Her experience as a “gatekeeper” paved the way for Steinem’s audacious run in magazine journalism in the 1960s. Highlighted by a 1963 “expose” of the Playboy Club that brought her notoriety, she was soon to quip that “a woman reading Playboy feels like a Jew reading a Nazi manual” and to muse soon thereafter that “writing about Playboy put me on a track -- but it was the wrong track.” “Being a Playboy Bunny was rather like being hung on a meat hook," she said, "barely clothed… poorly paid and subject to being fired on a moment's notice, for appearance flaws or anything else. ... The Bunnies were exchangeable moving parts of a machine."


For the last four decades, Steinem has raged against the dehumanization wrought by Playboy and the consumer culture that allowed Hugh Hefner’s enterprise to flourish. Yet she herself has courted that same culture and turned her brand-name feminism into a money making machine.


In 1969, Steinem was drawn to the movement to legalize abortion. A fascination with the identity politics of  “women’s concerns” drove her political work against Nixon in the early 1970s, reaching its earliest peak when the journalist founded MS Magazine in 1972 with the help of people like the Washington Post matriarch, Katherine Graham [who donated $20k in seed money for the nascent publication].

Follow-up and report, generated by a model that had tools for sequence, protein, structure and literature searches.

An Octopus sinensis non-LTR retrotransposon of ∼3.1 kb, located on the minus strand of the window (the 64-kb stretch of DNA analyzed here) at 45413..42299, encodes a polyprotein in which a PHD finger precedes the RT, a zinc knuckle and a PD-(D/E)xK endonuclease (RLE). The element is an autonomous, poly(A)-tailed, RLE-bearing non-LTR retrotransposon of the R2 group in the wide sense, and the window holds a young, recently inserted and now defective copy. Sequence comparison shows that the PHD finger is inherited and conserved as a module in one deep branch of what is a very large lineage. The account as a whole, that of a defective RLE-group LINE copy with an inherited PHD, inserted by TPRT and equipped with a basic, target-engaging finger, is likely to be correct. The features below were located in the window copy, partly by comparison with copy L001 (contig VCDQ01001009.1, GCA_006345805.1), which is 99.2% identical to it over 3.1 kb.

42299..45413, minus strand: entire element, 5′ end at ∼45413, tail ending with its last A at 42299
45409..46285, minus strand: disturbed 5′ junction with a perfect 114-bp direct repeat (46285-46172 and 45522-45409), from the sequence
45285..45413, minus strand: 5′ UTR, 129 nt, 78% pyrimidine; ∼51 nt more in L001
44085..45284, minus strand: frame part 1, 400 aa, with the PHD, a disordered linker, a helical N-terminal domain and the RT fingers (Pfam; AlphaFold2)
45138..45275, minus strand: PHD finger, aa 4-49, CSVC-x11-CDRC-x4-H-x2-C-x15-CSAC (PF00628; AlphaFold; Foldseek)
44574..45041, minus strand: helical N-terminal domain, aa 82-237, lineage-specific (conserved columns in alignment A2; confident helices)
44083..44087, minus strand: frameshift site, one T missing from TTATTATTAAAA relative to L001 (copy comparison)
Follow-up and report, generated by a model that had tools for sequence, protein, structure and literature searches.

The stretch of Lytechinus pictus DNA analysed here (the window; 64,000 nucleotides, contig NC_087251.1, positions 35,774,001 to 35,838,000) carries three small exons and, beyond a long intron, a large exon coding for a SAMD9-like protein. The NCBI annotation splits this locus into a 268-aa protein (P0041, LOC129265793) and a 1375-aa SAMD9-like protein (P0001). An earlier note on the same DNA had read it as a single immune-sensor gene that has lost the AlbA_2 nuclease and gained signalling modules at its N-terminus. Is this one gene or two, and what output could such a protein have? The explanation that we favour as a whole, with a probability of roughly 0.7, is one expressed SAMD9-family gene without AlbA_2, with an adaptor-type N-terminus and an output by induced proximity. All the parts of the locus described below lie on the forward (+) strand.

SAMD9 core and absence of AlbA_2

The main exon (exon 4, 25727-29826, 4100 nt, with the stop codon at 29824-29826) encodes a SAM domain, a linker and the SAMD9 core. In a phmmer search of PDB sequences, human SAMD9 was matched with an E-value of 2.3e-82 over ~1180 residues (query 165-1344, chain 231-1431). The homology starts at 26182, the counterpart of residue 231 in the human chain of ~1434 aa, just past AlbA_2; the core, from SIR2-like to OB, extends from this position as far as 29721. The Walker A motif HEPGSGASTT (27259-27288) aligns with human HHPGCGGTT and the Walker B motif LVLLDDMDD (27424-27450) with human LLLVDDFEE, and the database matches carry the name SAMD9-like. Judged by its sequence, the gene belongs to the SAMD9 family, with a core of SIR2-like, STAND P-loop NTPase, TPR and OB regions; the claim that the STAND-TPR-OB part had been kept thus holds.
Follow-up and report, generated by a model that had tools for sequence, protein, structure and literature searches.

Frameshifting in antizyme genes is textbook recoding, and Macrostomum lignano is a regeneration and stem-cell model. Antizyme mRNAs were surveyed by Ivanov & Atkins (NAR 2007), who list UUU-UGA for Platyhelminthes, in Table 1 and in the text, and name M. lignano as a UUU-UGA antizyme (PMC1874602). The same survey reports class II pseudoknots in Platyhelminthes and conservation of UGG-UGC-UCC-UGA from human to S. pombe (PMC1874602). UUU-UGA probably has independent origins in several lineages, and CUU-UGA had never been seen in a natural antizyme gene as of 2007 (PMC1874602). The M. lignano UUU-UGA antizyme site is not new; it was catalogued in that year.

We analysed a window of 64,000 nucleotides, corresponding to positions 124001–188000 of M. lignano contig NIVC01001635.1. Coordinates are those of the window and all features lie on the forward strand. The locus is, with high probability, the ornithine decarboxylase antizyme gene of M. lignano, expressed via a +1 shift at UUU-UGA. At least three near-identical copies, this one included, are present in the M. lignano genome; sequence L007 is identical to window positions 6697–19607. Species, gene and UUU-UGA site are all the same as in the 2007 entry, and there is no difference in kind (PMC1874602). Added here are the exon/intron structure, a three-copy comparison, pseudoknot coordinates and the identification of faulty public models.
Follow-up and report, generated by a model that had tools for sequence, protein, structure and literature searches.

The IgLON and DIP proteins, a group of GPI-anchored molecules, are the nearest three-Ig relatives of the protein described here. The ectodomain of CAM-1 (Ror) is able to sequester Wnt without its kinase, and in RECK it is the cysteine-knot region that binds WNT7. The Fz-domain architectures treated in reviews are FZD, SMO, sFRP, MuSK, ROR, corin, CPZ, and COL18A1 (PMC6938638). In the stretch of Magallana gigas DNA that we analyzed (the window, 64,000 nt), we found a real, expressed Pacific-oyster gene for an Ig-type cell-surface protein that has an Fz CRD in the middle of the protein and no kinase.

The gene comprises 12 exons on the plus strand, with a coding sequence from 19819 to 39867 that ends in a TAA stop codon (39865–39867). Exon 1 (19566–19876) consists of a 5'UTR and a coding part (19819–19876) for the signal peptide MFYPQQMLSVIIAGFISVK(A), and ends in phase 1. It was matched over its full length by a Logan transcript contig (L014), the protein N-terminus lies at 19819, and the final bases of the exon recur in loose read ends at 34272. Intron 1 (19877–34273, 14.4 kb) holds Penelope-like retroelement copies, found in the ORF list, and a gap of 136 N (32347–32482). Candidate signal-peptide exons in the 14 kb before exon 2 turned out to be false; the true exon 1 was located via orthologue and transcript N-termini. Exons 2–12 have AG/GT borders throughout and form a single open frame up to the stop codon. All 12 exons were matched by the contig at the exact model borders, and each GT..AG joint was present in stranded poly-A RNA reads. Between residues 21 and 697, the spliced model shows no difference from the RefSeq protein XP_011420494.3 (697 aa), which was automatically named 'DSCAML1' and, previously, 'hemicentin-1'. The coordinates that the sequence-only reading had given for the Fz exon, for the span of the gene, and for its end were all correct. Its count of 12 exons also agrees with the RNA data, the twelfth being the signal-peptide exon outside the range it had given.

The MS Magazine Foundation recognized that if the personal is political, then that theorem should be used to sell product. So it went with such projects as the Foundation’s children’s record Free To Be You And Me in the early 1970s, with fashionable talents of the time like NFL player Rosey Grier, the vocal group the New Seekers, and Alan Alda lending their voices to tunes like “It’s All Right To Cry” and “Girl Land.”


For her part, Steinem’s contribution to the liner notes mused that the Foundation’s “only regret” was that the record “and the change it reflects wasn’t part of our own childhoods.” It’s hard to see how a children’s record would’ve been much solace during Steinem’s youth though.


It’s appropriate that even after a decade as a successful, mainstream journalist, at her biological prime, Steinem would still long for a childhood that never happened to her satisfaction. She described herself as “a working-class, fat brunette from the wrong side of the tracks in Toledo, Ohio, with a mentally incapacitated mother” even as she got a media push that would be the envy of any of her political colleagues.


Such longings undoubtedly led her to having affairs with prominent people like comedian Mort Sahl, NFL legend Jim Brown, and media magnate Mort Zuckerman. Despite such a rich and varied dance card, Steinem played to her constituency by saying things like “house work is shit work” and “a woman without a man is like a fish without a bicycle”.